The avoidance of this practice allows for the opportunity to build a business and evolve the selling model to ensure growth and success in the future.

Often the performance of a salesperson can be directly correlated to the support structure, systems, and processes that they operate within. A salesperson that performs extremely well in one environment may fail within another and vice versa.

In order to assess the capability of the salesperson, probing questions must be asked that explore the various support structures that were in place in their previous role. These must then be compared against the structures within your organisation.

Often a headline of a salesperson’s resume will be that they are ‘self-motivated’ and can ‘work autonomously’. This practice may seem appealing, although when you are trying to establish or maintain a world-class sales organisation, this behaviour often conflicts with what is required. In an effective sales force, adherence to process and methodology, including the proper use of CRM, requires personnel to yield to company processes. This behaviour also encourages the salesperson to represent the company and its products as they see fit, often producing incongruent messages that are not aligned with the marketing strategy.

To ascertain whether a salesperson will be able to adapt to and follow the company’s process requirements, questions relating to the previous use of policy, procedure, and reporting mechanisms must be asked during the interview process.  Only after this can a sound judgement be made of the suitability of the application for the role.

Upon avoidance of these five misconceptions, the standard and quality of salespeople within your organisation will improve dramatically, directly contributing to increased profits and revenue. If your company would like assistance with these matters, an experienced sales recruitment firm can help you with this process.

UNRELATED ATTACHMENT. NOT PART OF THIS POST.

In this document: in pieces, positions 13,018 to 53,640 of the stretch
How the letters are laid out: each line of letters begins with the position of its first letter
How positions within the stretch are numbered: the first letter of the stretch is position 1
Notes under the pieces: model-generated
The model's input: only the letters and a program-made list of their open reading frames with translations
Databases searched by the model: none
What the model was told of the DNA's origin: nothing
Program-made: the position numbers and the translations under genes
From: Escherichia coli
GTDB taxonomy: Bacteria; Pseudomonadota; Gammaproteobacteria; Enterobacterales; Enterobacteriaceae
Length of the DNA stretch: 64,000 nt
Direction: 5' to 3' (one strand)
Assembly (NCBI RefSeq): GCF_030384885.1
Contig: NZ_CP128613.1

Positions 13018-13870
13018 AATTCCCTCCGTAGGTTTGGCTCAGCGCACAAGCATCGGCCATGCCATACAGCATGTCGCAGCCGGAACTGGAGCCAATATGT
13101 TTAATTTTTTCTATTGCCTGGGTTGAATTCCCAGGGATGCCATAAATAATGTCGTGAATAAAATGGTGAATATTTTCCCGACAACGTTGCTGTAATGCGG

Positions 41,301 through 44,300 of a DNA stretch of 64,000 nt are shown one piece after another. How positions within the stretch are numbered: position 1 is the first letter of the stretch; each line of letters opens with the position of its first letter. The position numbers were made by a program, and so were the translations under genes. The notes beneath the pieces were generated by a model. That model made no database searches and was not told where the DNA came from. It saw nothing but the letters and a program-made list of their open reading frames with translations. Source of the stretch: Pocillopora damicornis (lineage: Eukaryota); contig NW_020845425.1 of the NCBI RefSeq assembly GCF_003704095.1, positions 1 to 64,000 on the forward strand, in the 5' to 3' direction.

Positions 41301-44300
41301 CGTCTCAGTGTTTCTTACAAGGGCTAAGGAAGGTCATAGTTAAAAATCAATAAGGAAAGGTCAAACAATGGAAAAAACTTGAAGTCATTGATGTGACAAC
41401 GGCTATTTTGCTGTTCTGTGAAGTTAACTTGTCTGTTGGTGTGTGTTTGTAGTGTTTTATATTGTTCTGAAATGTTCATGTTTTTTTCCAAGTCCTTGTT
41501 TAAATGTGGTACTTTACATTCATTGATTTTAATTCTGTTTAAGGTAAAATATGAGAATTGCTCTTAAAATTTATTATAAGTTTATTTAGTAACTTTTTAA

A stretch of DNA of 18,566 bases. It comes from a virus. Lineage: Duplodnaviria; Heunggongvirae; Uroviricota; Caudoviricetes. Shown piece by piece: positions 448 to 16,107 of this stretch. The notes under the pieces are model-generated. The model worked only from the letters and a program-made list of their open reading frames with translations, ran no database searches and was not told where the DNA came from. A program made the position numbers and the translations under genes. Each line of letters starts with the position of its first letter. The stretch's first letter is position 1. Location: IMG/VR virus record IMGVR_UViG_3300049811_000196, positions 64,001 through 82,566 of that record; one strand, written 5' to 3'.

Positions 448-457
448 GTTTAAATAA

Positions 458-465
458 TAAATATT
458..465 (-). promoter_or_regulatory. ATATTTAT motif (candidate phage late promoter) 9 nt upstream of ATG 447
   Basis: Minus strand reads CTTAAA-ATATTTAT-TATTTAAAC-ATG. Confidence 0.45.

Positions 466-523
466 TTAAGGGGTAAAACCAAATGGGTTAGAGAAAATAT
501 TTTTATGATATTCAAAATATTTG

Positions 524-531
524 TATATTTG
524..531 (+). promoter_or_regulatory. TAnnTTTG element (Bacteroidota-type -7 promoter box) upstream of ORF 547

Adele Crane combines extensive consulting knowledge and hiring capability by providing clients with candidates who can make a lasting impact on your company. Our recruitment services provide you with the best available candidates. If you are considering hiring a new salesperson or sales manager, please contact our office.

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About the Author: Adele Crane

A leader in Implementation Consulting.
CEOs and Managing Directors have relied on Adele Crane to solve challenges with the performance of their sales and marketing since 1990. Her consulting experience in delivering results in 90-120 days is unprecedented by any other known sales and marketing consulting professional in the world. As an author of 3 acclaimed books, appearances on major media, and publications in USA, NZ and Australia, Adele’s experience brings fresh thinking and contemporary practices to business.